Is Renting Better Than Buying?

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overhead shot of a cul-de-sac neighborhood

The marquee of the American Dream is the single-family home surrounded by a white picket fence. While owning a home certainly comes with many benefits for some, renting is still a smarter choice in certain situations. Sure, homeownership is said to be the ultimate investment that appreciates in value over the years. But don’t be fooled––sometimes renting is still the way to go. Below are some of the scenarios in which renting is superior.

There are no property taxes involved with renting

One of the most significant benefits of renting over buying is that renters are not required to pay property taxes. Real estate taxes may be a heavy burden on homeowners as the rate varies greatly depending on location. The expense can be a few thousand dollars per year. While property tax calculations can be complicated, they are generally assessed based on a home’s estimated property value. In the simplest terms, a home valued at $250,000 at Cook County’s tax rate of 2.117% would require a $5,293 annual payment. Although this cost is typically bundled into each mortgage payment, it’s still a hefty added expense that renters don’t have to worry about.

Renters have access to included amenities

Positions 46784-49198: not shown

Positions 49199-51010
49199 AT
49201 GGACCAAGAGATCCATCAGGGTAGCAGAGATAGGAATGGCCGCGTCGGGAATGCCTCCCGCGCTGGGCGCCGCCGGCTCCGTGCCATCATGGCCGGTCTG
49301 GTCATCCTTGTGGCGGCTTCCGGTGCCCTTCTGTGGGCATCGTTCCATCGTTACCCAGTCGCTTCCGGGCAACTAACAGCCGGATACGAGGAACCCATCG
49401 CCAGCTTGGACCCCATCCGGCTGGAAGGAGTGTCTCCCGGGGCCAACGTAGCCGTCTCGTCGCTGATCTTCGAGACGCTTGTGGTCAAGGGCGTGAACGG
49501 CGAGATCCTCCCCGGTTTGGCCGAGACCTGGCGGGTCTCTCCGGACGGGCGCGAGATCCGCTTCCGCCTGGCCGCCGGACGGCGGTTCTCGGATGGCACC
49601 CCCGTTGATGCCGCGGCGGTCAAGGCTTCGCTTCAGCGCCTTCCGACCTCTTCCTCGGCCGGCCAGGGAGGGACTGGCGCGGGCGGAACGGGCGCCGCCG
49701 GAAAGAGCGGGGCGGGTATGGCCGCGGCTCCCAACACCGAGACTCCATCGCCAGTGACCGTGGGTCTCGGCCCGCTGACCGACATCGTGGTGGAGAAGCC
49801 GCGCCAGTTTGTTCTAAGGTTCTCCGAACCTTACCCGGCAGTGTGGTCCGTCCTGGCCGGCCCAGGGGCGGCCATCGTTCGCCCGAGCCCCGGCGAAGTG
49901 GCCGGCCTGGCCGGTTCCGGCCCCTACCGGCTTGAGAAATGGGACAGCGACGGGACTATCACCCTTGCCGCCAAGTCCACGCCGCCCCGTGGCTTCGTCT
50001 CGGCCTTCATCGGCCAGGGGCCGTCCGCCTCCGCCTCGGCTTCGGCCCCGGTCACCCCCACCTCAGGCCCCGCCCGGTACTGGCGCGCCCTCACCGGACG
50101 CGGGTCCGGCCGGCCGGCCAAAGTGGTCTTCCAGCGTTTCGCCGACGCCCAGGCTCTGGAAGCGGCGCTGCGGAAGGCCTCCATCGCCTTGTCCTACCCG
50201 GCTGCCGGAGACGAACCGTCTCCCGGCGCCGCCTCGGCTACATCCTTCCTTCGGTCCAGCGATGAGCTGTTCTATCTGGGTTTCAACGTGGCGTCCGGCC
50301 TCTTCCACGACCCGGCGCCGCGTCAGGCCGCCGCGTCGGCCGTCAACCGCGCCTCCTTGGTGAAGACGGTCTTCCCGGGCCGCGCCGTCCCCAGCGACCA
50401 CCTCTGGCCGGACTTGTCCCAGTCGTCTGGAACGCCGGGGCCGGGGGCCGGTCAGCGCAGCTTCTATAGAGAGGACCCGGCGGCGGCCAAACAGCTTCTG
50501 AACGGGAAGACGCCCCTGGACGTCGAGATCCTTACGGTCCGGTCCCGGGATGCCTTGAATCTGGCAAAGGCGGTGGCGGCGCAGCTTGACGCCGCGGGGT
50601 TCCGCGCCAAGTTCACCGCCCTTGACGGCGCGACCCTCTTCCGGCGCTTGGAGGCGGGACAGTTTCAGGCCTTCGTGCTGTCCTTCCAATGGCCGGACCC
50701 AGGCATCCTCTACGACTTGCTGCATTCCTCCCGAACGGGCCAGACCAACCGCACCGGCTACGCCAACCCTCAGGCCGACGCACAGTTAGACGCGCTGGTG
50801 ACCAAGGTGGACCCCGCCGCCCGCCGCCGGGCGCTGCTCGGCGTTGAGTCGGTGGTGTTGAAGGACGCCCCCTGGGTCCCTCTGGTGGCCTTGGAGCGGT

Another financial advantage of renting is instant access to amenities and sustainable living extras that would likely be an added cost to homeowners. Many apartment communities have indoor fitness centers and/or swimming pools. These are amenities that a homeowner would have to pay dues for, or pay for their own custom gym or pool construction and maintenance. Another plus these days is that more apartments come with energy efficient kitchen appliances, yet another feature that a homeowner would have to pay out of pocket for.

Renters don’t need a down payment

You may be thinking that a security deposit is the same as a down payment on a house, but it’s not. A down payment represents a portion of a home’s purchase price. As a buyer, you pay a percentage (typically anywhere from 3-20%) to a lender or bank at the time of closing. That means a $250,000 home would require at least a $7,500 down payment––a large sum of cash that the average person just doesn’t have access to. To top it off, the down payment is never returned to the buyer.

A much more reasonable arrangement for renters is the traditional security deposit. Here, a potential renter and a landlord seal their agreement with an official signed lease and a deposit, often in addition to the first and last month’s rent. Upon moving out, security deposits are often returned to the renter if the unit is left in good condition.

Renters have more freedom

If you don't plan to stay in the same area for a long time, renting is the way to go. Not being locked into a commitment like a mortgage makes it possible to up and leave whenever you choose––or at least when your lease it up.

Owning a house will be valuable in the long run considering the amount of equity gained over time while renters do have little to show after years of rent payments. Nevertheless, for those who seek to escape the burdens of homeownership, maintenance costs and property taxes, renting may be a safer alternative.

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